Interesting news in the world o’ music this week. It reminds us of the immediacy of music and the effect those that practice it have in our lives.
• At a star-studded fundraising concert for the victims of Superstorm Sandy in New York Wednesday, Sir Paul McCartney, former Beatle, stood in for the late Kurt Cobain to front Nirvana.
Nirvana, as we all know, was the revolutionary band which brought grunge to the forefront of music in the early 1990s.
Wednesday’s performance with McCartney was Nirvana’s first re-union since Cobain’s suicide in 1994.
It was all right — a sort of kinder, gentler Nirvana. But I couldn’t help thinking that it would have been even better if had been the eternally angry, unhappy, iconoclastic John Lennon standing in for the eternally angry, unhappy, iconoclastic Kurt Cobain. It’s been said before that being in a band like Nirvana would have suited Lennon’s temperament and personality more than being a heart-throb Beatle. His songs, like Cobain’s, were like raging in code.
• Fourteen years after becoming eligible, Canadian rock band Rush finally got its nomination for the Rock and Roll Hall of Fame, despite a 40-year career’s worth of bias against them from bastions of western snobbery like Rolling Stone magazine. One asks if the rock music “establishment’ disliked Rush because a) their music was classed as “progressive rock,” or “art rock,” or b) because they were Canadian. Americans don’t seem to like Canadian musicians unless they move to Los Angeles, or Woodstock, New York. In any case, there aren’t many Canadian bands who can boast a 40-year career and still be selling out stadiums. In fact, there aren’t any Canadian bands besides Rush who can boast that.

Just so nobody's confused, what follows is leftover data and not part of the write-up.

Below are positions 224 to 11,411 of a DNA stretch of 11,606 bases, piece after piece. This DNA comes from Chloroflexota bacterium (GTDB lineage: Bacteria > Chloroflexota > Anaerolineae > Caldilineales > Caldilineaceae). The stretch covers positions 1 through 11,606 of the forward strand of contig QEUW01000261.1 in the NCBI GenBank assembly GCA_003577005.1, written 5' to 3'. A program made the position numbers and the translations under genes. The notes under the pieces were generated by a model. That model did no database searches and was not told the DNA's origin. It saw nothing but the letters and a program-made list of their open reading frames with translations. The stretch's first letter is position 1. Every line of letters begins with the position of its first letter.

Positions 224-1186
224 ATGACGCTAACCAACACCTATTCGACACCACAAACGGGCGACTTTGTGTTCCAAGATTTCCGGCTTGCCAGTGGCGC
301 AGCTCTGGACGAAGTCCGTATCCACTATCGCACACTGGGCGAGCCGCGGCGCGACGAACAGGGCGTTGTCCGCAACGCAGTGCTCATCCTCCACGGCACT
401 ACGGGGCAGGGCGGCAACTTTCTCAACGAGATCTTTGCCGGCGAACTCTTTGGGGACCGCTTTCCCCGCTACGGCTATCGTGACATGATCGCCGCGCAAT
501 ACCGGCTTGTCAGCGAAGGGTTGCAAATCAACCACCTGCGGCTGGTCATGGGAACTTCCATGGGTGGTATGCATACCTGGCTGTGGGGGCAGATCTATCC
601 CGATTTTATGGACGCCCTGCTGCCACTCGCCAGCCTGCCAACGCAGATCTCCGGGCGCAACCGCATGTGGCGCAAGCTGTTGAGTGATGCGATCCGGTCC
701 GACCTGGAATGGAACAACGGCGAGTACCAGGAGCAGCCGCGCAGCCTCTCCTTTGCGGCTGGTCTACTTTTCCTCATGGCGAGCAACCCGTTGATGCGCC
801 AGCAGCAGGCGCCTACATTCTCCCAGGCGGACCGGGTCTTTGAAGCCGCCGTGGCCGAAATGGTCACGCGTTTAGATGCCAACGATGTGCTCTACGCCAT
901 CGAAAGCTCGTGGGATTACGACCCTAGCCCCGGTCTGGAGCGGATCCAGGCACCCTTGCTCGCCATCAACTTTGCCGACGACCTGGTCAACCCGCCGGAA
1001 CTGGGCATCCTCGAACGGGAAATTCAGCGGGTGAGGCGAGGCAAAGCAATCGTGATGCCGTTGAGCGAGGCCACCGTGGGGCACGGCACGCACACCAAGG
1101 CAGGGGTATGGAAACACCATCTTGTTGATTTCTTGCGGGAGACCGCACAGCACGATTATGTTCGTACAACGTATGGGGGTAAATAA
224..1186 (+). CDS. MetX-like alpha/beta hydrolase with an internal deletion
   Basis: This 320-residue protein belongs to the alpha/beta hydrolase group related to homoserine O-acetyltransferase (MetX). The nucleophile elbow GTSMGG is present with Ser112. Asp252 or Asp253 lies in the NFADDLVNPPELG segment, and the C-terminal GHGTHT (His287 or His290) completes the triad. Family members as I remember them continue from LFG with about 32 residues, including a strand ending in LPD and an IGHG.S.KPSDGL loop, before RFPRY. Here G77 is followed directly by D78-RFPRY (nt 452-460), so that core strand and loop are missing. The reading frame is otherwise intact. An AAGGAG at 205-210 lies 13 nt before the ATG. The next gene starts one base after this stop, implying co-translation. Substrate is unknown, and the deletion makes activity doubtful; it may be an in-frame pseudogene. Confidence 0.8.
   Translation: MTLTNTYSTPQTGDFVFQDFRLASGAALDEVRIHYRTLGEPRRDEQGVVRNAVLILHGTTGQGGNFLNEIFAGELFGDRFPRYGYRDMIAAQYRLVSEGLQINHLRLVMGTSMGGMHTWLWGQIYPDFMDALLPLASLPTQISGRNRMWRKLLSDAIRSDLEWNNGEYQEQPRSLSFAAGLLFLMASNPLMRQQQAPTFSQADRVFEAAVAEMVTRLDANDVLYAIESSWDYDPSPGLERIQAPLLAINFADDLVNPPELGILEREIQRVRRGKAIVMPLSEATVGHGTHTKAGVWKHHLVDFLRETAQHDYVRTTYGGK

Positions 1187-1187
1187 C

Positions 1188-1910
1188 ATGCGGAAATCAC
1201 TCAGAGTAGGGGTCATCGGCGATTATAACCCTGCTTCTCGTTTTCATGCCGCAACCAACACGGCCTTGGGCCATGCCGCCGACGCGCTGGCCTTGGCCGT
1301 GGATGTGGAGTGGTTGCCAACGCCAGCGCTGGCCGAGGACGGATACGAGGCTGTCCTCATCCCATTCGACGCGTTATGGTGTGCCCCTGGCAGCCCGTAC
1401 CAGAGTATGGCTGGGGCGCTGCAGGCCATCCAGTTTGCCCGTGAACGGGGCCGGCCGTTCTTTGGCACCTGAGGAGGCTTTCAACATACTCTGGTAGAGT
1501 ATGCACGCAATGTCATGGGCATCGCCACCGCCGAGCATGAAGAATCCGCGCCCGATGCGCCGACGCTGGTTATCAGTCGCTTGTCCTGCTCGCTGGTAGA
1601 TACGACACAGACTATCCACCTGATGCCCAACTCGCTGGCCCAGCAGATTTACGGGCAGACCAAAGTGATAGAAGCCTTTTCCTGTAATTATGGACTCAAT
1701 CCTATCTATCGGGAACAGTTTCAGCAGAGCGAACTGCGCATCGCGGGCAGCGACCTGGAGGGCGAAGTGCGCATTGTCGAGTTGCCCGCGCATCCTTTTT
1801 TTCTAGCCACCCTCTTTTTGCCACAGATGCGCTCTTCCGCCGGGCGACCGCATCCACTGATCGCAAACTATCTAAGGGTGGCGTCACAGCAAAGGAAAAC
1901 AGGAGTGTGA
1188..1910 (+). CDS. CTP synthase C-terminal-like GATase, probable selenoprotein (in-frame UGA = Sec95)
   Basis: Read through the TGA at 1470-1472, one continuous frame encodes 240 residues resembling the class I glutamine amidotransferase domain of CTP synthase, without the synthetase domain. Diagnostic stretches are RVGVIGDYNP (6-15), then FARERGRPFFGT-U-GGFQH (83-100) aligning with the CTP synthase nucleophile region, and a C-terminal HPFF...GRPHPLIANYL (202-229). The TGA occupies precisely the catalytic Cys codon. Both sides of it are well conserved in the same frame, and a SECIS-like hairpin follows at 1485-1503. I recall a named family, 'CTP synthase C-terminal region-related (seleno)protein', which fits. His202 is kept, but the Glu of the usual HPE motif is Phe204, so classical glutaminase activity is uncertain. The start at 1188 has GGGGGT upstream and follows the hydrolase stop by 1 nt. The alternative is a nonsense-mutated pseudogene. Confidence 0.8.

For the record (no pun intended), I bought Rush’s very first album hot off the presses when I was in Grade 8. I played it over and over on a plastic, portable mono record player, and lent it out to all my friends.
Rush joins fellow Canadians the Band (inducted 1994), Leonard Cohen (inducted 2008), Joni Mitchell (inducted 1998) and Neil Young (inducted 1995) in the Hall.
• We should all be excited that Canadian composer Mychael Danna (born in Winnipeg) is nominated for a Golden Globe award, for his music on “Life Of Pi,” a beautifully shot, beautiful sounding movie currently showing in Cranbrook. Danna will probably be up for an Oscar as well, joining fellow Canadian composer Howard Shore (“Lord of the Rings”) in the ranks of Oscar contenders. It is good to have those two words — “Canadian” and “composer” — in the same sentence.
By the way, Danna is recognized as one of the pioneers of combining non-Western sound sources with orchestral and electronic minimalism in the world of film music.
• Speaking of recognition long overdue, Carole King became the first woman to win the Library of Congress’s Gershwin Prize for Popular Song. Carole King has been writing songs and performing for 50 years. The prize was created in 2007. King is the fifth recipient.
It’s been decades since it has been a “man’s man’s man’s world,” to cite James Brown, but only recently does the world seem to be taking those first steps to recognizing the still vastly underrated influence of women in music, in the lists of prize winners, “best ofs,” and “greatest evers.”
• One of the colossi of world music, Ravi Shankar, died this week. The sitar virtuoso gave us all an education in Indian music, putting a little more raga into our pedestrian majors and minors, the mondo modal. Coincidentally, the day he died I watched a recent documentary on George Harrison — those Beatles again — and Ravi Shankar figured largely.
The last time I saw someone play that exotic instrument was in Cranbrook, at the very first Locals concert I attended at the Studio Stage Door. The band Stone Addison incorporated a sitar into their hard rock set. Thus Ravi Shankar helped make the world a smaller, better place.